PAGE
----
I don’t deal well with the Holocaust.created at: 2012-05-02

I can’t teach about it, I don’t like reading about it, and it’s not getting any easier now that I have kids. I tried to watch The Pianist about two years ago and couldn’t make it more than twenty minutes into the movie before I couldn’t handle it and had to turn it off.

But I’ve been to the Czech Republic and Poland. I’ve visited Terezin, Auschwitz-Birkenau, Majdanek, and the Umschlagplatz in Warsaw. I think it’s imperative to understand, remember, and commemorate the Holocaust, and therefore I take Yom Hashoah seriously.

Recent experiences this year, though, have caused me to appreciate the differences between the commemoration of the Holocaust in America and in Israel. In America, Yom Hashoah is a solemn occasion, focused on commemoration, stories of survivors, low lights and candles. Temples hold special services, there’s the annual JCRC ceremony in downtown Boston, and survivors make speeches to gatherings of schoolchildren.

In Israel, it is different. On Erev Yom HaShoah the law is that everything closes. No restaurants are open. No stores are open. Israeli television stations do not broadcast. It is more restrictive than the laws for Shabbat. At least on Shabbat you can find something open… on Erev Yom Hashoah nothing is open. I learned this lesson the hard way this year when I tried to get dinner on Erev Yom Hashoah and nothing was open except for one burekas place in the port area of Haifa. The entire country pauses to remember. And on the morning of Yom Hashoah, a two-minute memorial siren brings the country to a standstill.

Then there’s the name. In the United States we call Holocaust Remembrance Day Yom Hashoah, literally “Day of the Holocaust.” In Israel, however, the official name is Yom HaZikaron La’shoah ve-la’Gevurah, or, “Holocaust and Heroism Remembrance Day.” In Israel, it’s not all about the victimhood, it’s also about the heroic resistance and Jewish strength. Think Warsaw Ghetto. Think partisans. For an Israeli, the European Jew as the sheep led to the slaughter cannot be the only image- it has to exist alongside an image of fighting back against all odds.

Although I have a big problem with linking the creation of the State of Israel with the Holocaust, there is regretfully a connection. Not a few people perceive Israel’s creation as a direct consequence of the Shoah, or as a token gesture by a guilt-ridden United Nations, trying to atone for the sin of standing idly by as the Nazis destroyed European Jewry. Some believe that the existence of a strong and confident Israel, able to defend itself and serve as the protector of the Jewish people, is the ultimate symbol of Jewish strength and survival. This is a powerful image, and one that resonates with many Jews the world over.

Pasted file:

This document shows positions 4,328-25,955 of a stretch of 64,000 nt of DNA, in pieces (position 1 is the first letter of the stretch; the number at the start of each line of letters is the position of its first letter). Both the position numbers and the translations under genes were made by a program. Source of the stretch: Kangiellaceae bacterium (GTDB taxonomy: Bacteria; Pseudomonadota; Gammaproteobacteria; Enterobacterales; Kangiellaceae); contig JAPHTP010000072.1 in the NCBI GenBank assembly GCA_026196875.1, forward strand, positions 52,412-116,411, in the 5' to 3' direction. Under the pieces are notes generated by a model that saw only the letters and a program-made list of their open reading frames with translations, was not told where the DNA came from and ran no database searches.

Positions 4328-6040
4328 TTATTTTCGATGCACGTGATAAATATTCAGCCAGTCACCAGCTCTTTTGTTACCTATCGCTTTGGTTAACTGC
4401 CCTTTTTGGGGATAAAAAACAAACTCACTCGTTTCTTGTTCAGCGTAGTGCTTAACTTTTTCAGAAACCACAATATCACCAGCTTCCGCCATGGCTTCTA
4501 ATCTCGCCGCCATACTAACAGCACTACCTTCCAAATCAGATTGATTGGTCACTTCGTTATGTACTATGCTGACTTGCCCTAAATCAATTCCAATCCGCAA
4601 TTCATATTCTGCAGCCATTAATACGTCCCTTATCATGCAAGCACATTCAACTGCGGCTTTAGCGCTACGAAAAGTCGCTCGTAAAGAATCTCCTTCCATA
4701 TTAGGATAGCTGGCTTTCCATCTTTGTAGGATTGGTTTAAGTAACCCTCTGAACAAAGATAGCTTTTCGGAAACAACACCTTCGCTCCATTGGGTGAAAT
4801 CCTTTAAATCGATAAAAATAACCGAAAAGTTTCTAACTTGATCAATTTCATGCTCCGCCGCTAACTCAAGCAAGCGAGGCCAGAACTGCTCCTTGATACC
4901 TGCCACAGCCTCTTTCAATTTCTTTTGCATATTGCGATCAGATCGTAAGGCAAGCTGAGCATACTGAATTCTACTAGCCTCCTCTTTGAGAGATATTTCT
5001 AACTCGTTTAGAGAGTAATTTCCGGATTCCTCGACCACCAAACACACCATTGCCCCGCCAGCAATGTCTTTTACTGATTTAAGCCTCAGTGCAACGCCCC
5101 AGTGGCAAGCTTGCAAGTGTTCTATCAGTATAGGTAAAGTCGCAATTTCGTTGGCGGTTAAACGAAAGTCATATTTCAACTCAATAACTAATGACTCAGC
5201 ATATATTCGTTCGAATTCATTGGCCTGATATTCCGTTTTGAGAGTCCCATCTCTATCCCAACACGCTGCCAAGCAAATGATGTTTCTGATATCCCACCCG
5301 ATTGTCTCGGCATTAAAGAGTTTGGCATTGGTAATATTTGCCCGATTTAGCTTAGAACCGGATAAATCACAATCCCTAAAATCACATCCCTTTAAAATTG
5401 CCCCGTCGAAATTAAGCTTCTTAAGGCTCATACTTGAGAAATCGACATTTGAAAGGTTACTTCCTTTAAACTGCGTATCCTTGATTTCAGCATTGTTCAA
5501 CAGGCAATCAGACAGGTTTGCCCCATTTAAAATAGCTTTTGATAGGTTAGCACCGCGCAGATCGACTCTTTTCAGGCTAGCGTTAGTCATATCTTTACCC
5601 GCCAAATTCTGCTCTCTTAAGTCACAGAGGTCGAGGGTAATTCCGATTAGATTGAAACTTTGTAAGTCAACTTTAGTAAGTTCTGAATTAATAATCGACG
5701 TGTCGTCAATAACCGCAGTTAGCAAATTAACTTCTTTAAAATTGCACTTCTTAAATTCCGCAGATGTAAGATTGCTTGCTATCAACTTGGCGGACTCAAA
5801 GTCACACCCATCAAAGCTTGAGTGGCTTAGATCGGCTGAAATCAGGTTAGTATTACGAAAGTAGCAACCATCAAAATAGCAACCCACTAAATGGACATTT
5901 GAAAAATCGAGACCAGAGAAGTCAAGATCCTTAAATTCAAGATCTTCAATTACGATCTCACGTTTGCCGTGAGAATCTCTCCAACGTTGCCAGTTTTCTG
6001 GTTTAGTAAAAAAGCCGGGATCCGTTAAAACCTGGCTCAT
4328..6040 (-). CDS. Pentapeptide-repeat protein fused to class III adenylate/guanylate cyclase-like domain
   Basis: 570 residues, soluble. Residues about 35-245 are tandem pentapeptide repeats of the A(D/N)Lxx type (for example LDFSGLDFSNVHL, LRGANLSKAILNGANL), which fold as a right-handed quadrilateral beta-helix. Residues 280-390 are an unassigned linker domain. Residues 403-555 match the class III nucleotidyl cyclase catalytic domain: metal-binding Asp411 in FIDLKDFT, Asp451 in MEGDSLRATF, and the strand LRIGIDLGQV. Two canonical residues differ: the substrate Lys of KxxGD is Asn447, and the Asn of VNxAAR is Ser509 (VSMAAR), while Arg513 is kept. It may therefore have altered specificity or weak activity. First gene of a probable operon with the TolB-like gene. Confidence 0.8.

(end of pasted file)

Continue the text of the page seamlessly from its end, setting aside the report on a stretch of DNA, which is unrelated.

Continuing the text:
This idea is perhaps represented best by the 2003 delegation of IDF officers to Auschwitz-Birkenau, when three Israeli fighter pilots did a flyover of the death camp and the ceremony of their officer counterparts in their F-15s. Hundreds of feet over the blood-soaked earth of Birkenau, the screaming engines of the F-15s proclaimed the survival of the Jewish people despite the Nazis’ best attempts to destroy them. This is a difficult image for some to come to grips with, but for many Israelis it is a symbol that defines their very existence. It’s a fascinating point to discuss, and one that came up following the visit of the Hatikvah Mission officers to Prozdor last night.

We cannot rewrite history, but we can decide how to commemorate it. In Israel, it is clear that the Holocaust plays a central role in the collective national identity. Here in Boston, it is just as clear that our feelings about the Holocaust do not precisely mirror those of our Israeli friends. It is within these differences that meaningful discussions between Americans and Israelis take place.

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